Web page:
Professor Becker’s work, written in the midst of America’s awakening from its racist governance in 1957, postulated that a “taste for discrimination” from a private employer would result in a cost to that employer (Becker also showed how, given a competitive labor market, that discrimination on average does not mean discrimination at the margin). If the goods market were truly competitive, such an employer would be incurring costs above and beyond those of his competitors based on preferences, and in the medium-term would likely be forced out of business. Thus, it was good business to keep one’s personal preferences out of the firm’s activities, as it would increase costs unnecessarily.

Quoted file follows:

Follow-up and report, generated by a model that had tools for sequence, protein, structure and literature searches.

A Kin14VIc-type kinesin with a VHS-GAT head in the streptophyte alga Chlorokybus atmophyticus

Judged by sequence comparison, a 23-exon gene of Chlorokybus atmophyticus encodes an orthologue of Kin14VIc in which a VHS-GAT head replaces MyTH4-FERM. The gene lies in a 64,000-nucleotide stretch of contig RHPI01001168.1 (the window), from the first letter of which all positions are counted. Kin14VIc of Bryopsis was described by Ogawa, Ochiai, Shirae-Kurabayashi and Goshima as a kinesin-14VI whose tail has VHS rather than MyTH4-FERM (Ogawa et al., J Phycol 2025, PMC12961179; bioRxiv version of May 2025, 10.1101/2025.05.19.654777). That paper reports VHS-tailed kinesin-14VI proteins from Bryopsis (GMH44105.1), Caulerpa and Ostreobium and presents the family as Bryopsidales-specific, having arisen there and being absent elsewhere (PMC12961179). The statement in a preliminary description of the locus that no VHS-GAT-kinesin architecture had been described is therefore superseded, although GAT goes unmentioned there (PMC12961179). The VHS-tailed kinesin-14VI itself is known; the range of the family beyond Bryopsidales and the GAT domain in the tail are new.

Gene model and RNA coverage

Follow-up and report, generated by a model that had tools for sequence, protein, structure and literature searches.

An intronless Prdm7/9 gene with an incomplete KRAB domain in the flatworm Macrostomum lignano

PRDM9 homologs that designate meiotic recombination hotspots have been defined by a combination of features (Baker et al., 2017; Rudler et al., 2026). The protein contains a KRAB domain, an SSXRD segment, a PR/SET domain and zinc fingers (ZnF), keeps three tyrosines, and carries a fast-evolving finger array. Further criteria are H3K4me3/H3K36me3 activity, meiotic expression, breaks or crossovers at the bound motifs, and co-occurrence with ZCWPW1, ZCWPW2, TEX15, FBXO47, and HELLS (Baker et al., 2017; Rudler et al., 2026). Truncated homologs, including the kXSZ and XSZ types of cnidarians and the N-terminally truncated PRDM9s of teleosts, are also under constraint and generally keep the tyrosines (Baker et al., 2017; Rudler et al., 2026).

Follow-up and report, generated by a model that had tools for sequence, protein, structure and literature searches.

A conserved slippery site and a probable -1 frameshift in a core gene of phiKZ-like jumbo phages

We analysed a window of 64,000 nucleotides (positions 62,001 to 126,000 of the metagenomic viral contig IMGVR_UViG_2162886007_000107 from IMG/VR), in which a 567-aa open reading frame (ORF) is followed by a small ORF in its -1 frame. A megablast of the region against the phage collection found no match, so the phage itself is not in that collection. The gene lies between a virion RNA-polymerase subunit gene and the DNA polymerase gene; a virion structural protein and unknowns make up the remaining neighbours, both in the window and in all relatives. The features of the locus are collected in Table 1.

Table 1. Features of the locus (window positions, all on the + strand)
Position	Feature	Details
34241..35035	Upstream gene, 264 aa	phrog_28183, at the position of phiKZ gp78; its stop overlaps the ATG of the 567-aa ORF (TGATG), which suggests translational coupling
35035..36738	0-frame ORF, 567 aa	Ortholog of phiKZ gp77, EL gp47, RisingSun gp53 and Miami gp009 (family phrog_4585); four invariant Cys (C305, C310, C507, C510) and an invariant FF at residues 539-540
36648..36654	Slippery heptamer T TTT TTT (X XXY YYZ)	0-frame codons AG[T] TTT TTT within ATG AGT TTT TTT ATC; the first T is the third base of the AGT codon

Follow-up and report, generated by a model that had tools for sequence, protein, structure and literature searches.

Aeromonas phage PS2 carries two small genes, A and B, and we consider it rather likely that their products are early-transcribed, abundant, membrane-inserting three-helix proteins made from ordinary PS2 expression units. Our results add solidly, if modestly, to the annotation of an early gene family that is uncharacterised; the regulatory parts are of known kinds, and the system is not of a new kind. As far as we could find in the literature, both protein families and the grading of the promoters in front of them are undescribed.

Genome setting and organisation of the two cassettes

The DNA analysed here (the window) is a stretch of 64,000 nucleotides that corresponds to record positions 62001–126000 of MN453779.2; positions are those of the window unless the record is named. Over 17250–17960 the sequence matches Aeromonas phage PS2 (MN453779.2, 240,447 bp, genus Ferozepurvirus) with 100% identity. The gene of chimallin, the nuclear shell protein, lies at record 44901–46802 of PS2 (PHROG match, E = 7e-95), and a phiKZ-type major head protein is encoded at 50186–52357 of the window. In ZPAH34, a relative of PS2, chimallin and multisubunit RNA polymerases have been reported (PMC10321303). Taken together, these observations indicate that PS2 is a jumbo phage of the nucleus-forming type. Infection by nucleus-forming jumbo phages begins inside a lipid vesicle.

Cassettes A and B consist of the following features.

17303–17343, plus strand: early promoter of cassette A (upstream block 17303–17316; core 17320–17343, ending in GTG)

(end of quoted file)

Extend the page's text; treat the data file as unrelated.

Of course, Becker’s models are over 50 years old, but still stand the test of time in regards to economic research. But coming as they are from a labor-market standpoint, they also may miss some of the issues from the goods market. That is, a firm that exercises its right to discriminate may find a niche via market segmentation, not because of selling to fellow bigots but through selling to fellow co-religionists or the same community. There is no reason why catering to a specific demographic, especially to the exclusion of others, would be a negative in the market. Asian supermarkets, Polish delicatessens, and vegetarian restaurants do it every day.